On Tuesday, May 19, former Marine Corps. Cpt. Peter Robertson stepped out to prove just how young he was on his 70th birthday by climbing the lighthouse 40 consecutive times. The unofficial past record of consecutive climbs was 28 made by a Lighthouse staff member, meaning that if he reached his goal that record would be obliterated.

Robertson came out that day, after nine months of training for the event, with his eye on the prize. He was determined to reach 40 climbs.


Robertson (in yellow) climbing with his trainer (in red) and a colleague from his law firm (in black).

He began climbing at 9:00 a.m.. His wife sat at the bottom of the tower, encouraging him and counting each climb. Throughout the climb, a number of people showed up to support the marine including his colleagues, family members, lighthouse staff, and more. Even people who just came to visit the Lighthouse began cheering him on as well.

After about 18 climbs, Robertson’s personal trainer from “The Fit Club” came to climb the rest of the way alongside him. He encouraged him literally every step of the way.

Robertson’s shining personality showed through throughout his climb as he kept a positive attitude, even in the heat of a humid, Florida summer day. His upbeat personality made everyone absolutely certain that he was going to make it to 40 climbs.

As he began his 35th climb, it was just past three o’clock, and the weather was beginning to look bad. Because he had been climbing for over six hours and had only five climbs to go, Robertson was determined to finish before the weather came in.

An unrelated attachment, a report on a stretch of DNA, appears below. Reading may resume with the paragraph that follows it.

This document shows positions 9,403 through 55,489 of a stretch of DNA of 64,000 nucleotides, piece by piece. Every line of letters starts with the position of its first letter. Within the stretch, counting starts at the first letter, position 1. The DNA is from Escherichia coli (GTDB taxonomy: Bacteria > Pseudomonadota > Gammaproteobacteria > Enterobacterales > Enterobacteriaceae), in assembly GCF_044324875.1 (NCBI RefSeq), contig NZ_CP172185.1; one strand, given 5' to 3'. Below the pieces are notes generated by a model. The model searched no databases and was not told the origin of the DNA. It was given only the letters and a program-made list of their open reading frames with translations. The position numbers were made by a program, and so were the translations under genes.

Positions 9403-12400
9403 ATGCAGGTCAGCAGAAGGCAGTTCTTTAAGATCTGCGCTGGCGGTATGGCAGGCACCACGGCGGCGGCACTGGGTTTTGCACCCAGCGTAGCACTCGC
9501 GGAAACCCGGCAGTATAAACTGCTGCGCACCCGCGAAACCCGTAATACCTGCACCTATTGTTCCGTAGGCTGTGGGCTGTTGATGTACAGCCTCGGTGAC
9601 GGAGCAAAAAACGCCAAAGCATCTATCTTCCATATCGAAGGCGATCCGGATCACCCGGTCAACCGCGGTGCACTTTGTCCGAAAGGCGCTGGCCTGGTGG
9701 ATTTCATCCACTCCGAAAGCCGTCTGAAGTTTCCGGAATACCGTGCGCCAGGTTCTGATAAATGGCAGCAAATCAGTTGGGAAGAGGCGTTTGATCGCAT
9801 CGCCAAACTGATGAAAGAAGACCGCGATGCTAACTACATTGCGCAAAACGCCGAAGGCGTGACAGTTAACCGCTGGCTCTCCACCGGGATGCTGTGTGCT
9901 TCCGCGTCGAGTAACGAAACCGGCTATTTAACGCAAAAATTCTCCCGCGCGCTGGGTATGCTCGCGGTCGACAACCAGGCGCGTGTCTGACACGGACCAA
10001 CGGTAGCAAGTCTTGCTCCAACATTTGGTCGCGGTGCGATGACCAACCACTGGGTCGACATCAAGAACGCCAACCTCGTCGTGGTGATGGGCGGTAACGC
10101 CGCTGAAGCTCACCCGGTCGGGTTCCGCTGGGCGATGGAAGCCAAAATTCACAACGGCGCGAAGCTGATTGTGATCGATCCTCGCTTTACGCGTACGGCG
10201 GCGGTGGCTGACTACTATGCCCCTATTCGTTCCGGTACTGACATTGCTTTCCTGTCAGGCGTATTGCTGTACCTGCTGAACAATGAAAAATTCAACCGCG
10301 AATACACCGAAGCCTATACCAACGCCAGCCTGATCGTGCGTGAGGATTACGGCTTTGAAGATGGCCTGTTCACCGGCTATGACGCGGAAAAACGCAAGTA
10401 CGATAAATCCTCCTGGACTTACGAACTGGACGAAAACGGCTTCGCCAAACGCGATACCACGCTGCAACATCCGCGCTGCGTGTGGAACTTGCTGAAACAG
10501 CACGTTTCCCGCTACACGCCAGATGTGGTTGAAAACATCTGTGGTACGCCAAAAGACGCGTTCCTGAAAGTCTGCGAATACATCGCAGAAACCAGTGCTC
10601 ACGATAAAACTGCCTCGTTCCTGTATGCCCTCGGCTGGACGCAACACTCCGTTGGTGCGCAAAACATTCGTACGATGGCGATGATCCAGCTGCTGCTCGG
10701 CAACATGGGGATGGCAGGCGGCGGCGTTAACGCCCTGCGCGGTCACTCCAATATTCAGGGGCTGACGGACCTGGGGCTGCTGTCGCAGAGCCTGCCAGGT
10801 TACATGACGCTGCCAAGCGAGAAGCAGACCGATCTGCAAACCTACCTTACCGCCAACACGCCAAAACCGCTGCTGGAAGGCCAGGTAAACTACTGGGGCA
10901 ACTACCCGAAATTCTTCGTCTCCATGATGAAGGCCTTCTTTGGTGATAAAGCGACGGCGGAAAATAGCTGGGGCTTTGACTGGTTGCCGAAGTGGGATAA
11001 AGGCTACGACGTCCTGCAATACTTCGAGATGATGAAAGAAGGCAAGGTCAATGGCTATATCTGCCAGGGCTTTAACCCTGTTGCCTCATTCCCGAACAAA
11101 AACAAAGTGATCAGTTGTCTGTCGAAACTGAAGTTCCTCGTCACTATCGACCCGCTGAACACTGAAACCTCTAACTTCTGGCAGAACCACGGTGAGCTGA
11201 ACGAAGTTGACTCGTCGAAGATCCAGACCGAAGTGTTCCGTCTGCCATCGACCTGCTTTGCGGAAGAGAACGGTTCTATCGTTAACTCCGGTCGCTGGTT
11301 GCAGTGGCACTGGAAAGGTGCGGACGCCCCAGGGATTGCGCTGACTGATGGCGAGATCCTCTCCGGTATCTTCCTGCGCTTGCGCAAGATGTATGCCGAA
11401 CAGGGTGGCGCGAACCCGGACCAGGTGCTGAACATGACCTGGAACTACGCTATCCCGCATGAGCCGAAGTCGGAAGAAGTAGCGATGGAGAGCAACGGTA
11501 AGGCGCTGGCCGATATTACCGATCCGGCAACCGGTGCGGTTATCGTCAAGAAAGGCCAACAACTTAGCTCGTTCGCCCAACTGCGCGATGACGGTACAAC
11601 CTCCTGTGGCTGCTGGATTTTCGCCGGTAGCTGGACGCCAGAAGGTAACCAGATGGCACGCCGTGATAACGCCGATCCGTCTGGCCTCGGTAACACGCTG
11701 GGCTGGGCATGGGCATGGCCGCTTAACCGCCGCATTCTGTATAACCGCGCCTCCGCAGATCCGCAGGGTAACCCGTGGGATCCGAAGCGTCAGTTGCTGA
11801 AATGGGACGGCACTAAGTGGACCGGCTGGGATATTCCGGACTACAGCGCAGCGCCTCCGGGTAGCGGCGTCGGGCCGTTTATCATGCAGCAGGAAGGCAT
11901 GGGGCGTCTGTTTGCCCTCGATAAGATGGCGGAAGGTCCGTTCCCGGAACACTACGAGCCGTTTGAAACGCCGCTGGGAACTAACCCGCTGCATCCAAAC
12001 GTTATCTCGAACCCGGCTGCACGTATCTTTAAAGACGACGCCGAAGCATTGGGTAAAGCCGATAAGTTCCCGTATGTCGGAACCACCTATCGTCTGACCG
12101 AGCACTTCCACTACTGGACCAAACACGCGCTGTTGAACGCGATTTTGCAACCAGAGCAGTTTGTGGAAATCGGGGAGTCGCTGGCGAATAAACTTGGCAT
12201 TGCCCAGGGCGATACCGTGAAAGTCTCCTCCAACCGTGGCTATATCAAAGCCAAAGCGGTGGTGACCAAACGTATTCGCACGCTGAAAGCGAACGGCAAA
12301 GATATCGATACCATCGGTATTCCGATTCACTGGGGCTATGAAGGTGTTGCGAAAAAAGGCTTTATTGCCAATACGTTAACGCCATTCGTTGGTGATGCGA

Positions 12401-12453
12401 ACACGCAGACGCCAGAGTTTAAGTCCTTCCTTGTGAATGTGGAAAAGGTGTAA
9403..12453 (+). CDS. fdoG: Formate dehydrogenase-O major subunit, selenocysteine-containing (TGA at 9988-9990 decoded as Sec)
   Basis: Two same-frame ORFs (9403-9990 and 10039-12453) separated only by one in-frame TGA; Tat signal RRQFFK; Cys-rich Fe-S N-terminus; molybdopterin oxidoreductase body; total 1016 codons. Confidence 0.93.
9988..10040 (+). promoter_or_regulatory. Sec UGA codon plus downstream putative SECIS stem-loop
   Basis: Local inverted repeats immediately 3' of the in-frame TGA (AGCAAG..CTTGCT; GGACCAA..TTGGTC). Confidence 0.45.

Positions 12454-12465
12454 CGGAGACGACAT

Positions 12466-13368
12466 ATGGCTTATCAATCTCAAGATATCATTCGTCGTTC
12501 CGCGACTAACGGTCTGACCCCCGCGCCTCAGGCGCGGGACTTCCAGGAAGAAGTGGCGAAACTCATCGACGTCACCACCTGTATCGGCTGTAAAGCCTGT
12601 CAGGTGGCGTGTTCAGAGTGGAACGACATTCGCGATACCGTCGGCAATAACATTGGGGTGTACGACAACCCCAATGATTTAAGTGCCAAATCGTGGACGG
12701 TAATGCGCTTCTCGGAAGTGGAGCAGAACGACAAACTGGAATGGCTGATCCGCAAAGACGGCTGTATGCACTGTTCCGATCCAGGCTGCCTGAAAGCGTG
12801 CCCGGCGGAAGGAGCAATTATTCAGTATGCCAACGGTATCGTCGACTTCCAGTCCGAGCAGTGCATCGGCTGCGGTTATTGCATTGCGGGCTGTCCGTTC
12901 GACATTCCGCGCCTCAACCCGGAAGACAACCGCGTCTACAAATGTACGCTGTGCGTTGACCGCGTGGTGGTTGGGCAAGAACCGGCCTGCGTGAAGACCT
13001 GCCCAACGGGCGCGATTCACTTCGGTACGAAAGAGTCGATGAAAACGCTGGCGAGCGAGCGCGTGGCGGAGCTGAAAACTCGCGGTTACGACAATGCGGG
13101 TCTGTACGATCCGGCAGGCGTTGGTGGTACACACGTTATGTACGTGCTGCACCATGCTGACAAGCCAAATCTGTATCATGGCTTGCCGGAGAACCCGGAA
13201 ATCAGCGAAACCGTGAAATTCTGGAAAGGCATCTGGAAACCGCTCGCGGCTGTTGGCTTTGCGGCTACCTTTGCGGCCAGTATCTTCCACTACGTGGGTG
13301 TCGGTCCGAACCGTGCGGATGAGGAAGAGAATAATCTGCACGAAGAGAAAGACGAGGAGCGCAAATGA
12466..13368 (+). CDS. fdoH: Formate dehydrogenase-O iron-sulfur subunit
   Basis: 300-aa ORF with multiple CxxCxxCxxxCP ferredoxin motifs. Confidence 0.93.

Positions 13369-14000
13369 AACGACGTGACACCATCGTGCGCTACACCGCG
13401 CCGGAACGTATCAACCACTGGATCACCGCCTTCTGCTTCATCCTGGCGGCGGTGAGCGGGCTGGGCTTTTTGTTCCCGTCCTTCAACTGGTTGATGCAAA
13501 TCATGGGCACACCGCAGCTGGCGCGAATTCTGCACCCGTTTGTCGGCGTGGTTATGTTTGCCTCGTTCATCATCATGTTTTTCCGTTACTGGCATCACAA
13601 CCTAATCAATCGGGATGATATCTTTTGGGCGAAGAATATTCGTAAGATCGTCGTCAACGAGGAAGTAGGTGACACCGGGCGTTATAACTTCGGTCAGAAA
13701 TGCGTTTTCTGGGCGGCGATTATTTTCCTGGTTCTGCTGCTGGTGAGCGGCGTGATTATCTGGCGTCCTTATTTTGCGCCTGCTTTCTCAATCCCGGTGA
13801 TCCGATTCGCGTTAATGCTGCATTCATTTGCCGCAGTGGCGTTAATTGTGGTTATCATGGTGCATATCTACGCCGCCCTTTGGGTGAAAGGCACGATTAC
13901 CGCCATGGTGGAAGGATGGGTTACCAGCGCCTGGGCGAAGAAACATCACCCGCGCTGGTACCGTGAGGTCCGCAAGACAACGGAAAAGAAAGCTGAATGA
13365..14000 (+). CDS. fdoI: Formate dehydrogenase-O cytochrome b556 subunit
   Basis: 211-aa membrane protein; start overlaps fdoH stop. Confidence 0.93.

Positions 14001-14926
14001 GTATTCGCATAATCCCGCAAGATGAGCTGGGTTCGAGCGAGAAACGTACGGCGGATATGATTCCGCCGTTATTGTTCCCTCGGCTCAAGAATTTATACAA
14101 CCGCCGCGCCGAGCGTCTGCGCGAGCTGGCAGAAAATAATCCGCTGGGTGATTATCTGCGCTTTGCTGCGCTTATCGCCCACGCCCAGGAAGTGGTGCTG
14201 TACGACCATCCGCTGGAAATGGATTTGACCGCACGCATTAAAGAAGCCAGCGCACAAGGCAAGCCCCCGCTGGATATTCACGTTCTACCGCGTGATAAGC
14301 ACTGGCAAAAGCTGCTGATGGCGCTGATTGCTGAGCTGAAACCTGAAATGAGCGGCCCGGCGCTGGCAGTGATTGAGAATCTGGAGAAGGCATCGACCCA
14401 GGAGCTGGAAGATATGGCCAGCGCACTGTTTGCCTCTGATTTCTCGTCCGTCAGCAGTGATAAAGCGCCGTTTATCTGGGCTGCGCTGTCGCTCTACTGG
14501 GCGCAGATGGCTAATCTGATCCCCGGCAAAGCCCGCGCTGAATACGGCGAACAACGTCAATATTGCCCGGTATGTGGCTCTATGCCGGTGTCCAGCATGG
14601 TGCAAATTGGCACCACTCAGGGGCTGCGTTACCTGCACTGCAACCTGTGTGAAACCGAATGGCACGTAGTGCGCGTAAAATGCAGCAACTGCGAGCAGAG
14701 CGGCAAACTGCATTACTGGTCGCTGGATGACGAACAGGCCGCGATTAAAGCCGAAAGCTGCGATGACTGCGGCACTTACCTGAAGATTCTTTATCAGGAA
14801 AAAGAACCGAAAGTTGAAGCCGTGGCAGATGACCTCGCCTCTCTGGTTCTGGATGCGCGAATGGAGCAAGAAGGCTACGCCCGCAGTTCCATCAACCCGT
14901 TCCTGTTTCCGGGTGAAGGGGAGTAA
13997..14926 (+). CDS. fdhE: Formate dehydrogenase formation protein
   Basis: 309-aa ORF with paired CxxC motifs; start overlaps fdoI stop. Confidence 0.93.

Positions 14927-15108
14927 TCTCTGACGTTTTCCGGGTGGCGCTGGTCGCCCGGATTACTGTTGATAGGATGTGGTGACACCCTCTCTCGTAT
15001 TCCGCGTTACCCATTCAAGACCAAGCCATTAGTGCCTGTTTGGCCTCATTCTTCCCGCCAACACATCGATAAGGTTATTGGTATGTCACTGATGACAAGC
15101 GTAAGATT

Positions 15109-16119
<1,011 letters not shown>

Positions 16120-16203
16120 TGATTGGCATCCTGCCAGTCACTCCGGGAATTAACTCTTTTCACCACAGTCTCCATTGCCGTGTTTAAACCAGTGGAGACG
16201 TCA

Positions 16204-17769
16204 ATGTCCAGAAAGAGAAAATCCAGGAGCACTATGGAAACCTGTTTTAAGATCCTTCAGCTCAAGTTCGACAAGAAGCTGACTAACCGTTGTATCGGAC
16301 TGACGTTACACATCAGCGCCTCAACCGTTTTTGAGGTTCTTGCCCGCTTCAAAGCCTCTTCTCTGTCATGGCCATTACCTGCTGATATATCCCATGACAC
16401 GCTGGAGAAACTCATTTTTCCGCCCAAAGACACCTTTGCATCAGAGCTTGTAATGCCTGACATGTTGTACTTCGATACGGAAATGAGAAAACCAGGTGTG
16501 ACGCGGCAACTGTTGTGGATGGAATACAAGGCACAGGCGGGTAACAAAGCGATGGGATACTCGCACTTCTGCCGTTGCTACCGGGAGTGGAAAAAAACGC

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Robertson celebrating his 40 climbs with a gift basket from the Lighthouse.

Anticipation grew as he was getting closer and closer to the 40 mark.

By the 38th climb, a large crowd at the bottom of the tower had gathered, all waiting for him to finish the last two climbs. Luckily, the weather was holding off for him. When he had gotten to the top of the tower on his 40th climb, he looked down at the crowd that had assembled below. He and his trainer began waving at the crowd because he knew he was about to do it. His goal was about to become his incredible accomplishment.

“It’s all down hill from here!” Rick Cain, Deputy Director of Operations, jokingly called up to Robertson.

When the crowd saw him turn to begin the last decent, photographers and journalists began preparing their cameras. The eyes of the crowd began to draw to the door of the lighthouse, where in a matter of seconds Robertson would emerge.

At 4:08, seven hours and eight minutes of climbing later, Robertson came out, putting up his hands in the air for the finish. The entire crowd let out a massive cheer. Robertson had done it. He reached his goal, and it was definitely a photo finish.

Do you think anyone will be able to break Robertson’s record? How many climbs could you do in one day?